Nate’s instincts took over. He reached into his combat webbing, threw a plasma grenade straight at the creature’s head, a holographic trajectory flashing on to his armour’s HUD as he threw it. Time seemed to slow as the projectile arced through the air, hitting the beast’s head. There was a bright green flash, and when it was over Nate saw the … behemoth’s head half-reduced to a total ruin, one of its eyes gone, the rest covered over with third-degree burns, he could see its brain through its shattered skull. Impossibly the thing began loping towards him, scrambling up the hill in great strides.

Danse started to rev up his gatling laser, as Nate fumbled for another grenade, threw it again, but this time at the monster’s knee. There was another bright flash, shattering the thing’s leg. It lost its balance, slid down the hill, hit the ground in a rising cloud of fallout dust. Danse opened fire again at the thing’s unthinkably human face. It died with a final grunt of pain and was mostly still, its limbs still thrashing in its death agony.

“Why did you?-“

“It’s not – okay, you deserve to know. It was back when we were fighting the muties in DC, I was one of the first from Rivet City to join the US Army, with my friend Cutler. We were real battle buddies, but then-“

“If you don’t want to-“

“Cutler was separated from our squad on a sweep and hauled away by the muties. They wanted to turn him into one of theirs. Well, those of us fighting them all had our cyanide teeth for a reason. I rushed to save him, but when I got to him, as they were dragging him away, he was already foaming at the mouth and dying. I killed both of those creatures, but if I’d got there just a minute sooner-“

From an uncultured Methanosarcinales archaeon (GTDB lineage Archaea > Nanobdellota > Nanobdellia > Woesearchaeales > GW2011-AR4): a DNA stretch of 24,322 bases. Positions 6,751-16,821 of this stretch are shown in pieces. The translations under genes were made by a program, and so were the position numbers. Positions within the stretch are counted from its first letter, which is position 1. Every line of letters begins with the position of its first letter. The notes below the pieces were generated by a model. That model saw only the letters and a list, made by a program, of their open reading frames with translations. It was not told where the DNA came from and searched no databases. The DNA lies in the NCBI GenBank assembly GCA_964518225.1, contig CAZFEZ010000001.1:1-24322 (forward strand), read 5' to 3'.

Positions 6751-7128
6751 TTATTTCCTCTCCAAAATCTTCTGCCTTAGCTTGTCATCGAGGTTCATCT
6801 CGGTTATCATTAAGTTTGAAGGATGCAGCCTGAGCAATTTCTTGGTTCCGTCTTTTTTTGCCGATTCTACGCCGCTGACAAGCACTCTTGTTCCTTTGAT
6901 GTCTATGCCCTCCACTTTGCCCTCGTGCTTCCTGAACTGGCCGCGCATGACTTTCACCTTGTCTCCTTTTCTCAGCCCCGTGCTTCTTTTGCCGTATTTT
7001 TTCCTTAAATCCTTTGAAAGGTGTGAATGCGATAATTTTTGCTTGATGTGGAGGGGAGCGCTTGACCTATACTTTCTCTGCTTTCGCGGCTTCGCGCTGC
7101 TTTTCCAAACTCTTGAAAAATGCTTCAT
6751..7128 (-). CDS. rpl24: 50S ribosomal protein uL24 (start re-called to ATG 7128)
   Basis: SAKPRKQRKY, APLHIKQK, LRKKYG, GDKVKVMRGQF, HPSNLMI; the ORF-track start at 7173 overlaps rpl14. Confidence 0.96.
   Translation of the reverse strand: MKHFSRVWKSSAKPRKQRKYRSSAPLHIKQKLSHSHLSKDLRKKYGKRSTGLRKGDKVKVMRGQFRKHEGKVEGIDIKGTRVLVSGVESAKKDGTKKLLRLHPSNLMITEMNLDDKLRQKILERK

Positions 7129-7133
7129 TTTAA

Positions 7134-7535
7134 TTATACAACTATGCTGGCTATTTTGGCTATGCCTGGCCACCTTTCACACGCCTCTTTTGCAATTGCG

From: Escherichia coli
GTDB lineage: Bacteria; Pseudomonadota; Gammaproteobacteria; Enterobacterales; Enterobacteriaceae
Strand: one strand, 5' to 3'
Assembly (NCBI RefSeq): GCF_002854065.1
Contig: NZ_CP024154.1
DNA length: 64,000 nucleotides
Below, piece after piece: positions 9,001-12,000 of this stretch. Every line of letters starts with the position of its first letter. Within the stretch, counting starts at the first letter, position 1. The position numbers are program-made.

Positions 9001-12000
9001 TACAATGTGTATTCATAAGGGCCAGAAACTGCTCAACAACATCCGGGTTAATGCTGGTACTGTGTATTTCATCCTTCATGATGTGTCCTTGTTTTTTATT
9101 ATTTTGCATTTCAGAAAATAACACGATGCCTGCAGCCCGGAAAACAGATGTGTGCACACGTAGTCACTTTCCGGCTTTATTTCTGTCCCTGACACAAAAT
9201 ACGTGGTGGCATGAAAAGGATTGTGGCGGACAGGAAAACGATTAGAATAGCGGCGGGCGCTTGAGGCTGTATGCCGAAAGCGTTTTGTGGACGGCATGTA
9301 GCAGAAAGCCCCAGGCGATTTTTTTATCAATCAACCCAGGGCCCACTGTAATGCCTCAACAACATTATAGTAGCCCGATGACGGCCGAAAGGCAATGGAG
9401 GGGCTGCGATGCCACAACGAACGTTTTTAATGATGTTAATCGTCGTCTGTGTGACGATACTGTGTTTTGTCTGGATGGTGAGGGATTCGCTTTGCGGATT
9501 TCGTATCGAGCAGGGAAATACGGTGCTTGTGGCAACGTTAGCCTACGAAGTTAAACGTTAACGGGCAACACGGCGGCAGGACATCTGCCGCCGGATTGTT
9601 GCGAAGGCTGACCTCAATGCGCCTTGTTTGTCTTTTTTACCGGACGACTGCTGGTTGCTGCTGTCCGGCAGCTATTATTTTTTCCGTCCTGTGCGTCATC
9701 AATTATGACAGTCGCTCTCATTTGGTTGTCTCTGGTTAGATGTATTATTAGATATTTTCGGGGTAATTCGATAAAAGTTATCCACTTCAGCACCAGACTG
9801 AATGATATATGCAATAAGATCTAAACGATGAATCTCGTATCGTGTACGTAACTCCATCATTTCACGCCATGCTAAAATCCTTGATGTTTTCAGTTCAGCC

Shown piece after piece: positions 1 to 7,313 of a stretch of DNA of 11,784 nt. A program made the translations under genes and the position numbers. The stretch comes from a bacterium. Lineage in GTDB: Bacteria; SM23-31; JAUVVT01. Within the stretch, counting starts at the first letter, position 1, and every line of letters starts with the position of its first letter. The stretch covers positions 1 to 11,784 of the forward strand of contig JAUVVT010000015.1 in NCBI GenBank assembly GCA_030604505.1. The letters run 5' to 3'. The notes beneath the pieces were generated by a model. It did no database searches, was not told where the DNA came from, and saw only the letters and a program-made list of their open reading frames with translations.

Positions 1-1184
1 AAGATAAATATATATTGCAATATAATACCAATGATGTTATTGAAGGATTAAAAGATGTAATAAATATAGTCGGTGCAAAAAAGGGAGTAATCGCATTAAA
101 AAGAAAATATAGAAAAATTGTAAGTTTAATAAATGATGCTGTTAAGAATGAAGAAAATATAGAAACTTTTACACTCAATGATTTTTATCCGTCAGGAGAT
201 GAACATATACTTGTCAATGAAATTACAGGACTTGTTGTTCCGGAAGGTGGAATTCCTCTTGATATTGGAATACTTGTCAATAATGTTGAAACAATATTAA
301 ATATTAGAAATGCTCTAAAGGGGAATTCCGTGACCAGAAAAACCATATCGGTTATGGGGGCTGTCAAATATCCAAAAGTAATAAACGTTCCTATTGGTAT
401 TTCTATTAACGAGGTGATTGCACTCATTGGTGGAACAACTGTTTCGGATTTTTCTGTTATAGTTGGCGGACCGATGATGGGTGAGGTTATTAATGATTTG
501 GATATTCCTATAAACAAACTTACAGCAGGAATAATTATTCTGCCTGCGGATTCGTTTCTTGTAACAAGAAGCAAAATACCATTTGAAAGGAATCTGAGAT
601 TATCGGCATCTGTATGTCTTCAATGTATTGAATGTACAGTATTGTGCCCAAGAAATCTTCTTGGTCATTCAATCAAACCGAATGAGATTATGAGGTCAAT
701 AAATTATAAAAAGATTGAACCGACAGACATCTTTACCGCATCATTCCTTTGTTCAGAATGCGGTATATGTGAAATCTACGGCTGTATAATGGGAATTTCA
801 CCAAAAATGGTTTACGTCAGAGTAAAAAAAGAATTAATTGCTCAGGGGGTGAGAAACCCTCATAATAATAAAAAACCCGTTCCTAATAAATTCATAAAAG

“It’s okay, Saul. You did the best you could.”

“I know, but still … I felt helpless again back then. Just for a moment.”

.
==*==

Lieutenant Walker looked out across the Atlantic, idly checking his Pip-boy's onboard map of the region. Ever since the day he got it in Vault 101 about twenty years ago, he'd held fast to it, even when he was offered a more advanced one with two hundred more years of progress. Of course, today – the 16th of December – he was glad to not be doing combat operations. The tenth anniversary of his father's death, he preferred to spend some time on his own away from hi men.

He'd been so goddamn pissed at the old man for walking out on him, sparking chaos in the Vault. Good men and women had died, and he was ashamed to think he'd been responsible for some of those deaths. He'd been so angry, and after he joined up with the US military he'd gotten roped in to helping Dad finish his project (just like how he got roped in to helping a slaving warlord's old lieutenant overthrow him and become another slaving warlord before then, and roped in to that twisted ghoul massacring a whole town). Then it'd all fallen apart. Autumn apparently had been keeping his cards close to his chest, and tried to take over the purifier. He’d asserted his military authority, but James hadn’t listened, had kept on refusing even when Autumn brought out his gun – even with two vertibirds worth of soldiers ready to sweep the facility.

That was when Autumn shot one of James' colleagues (he'd said later, privately, that he'd been intending to fire a warning shot. Walker had no idea whether he was deliberately lying or not) and James had responded by flooding the control chamber with radiation in a mad gamble to kill them both and render Project Purity unusable. The first few days after that, with the Colonel unconscious and his father dead, he'd seriously considered either deserting or eating his own gun. If only I’d been there in the chamber with the others, he thought even now.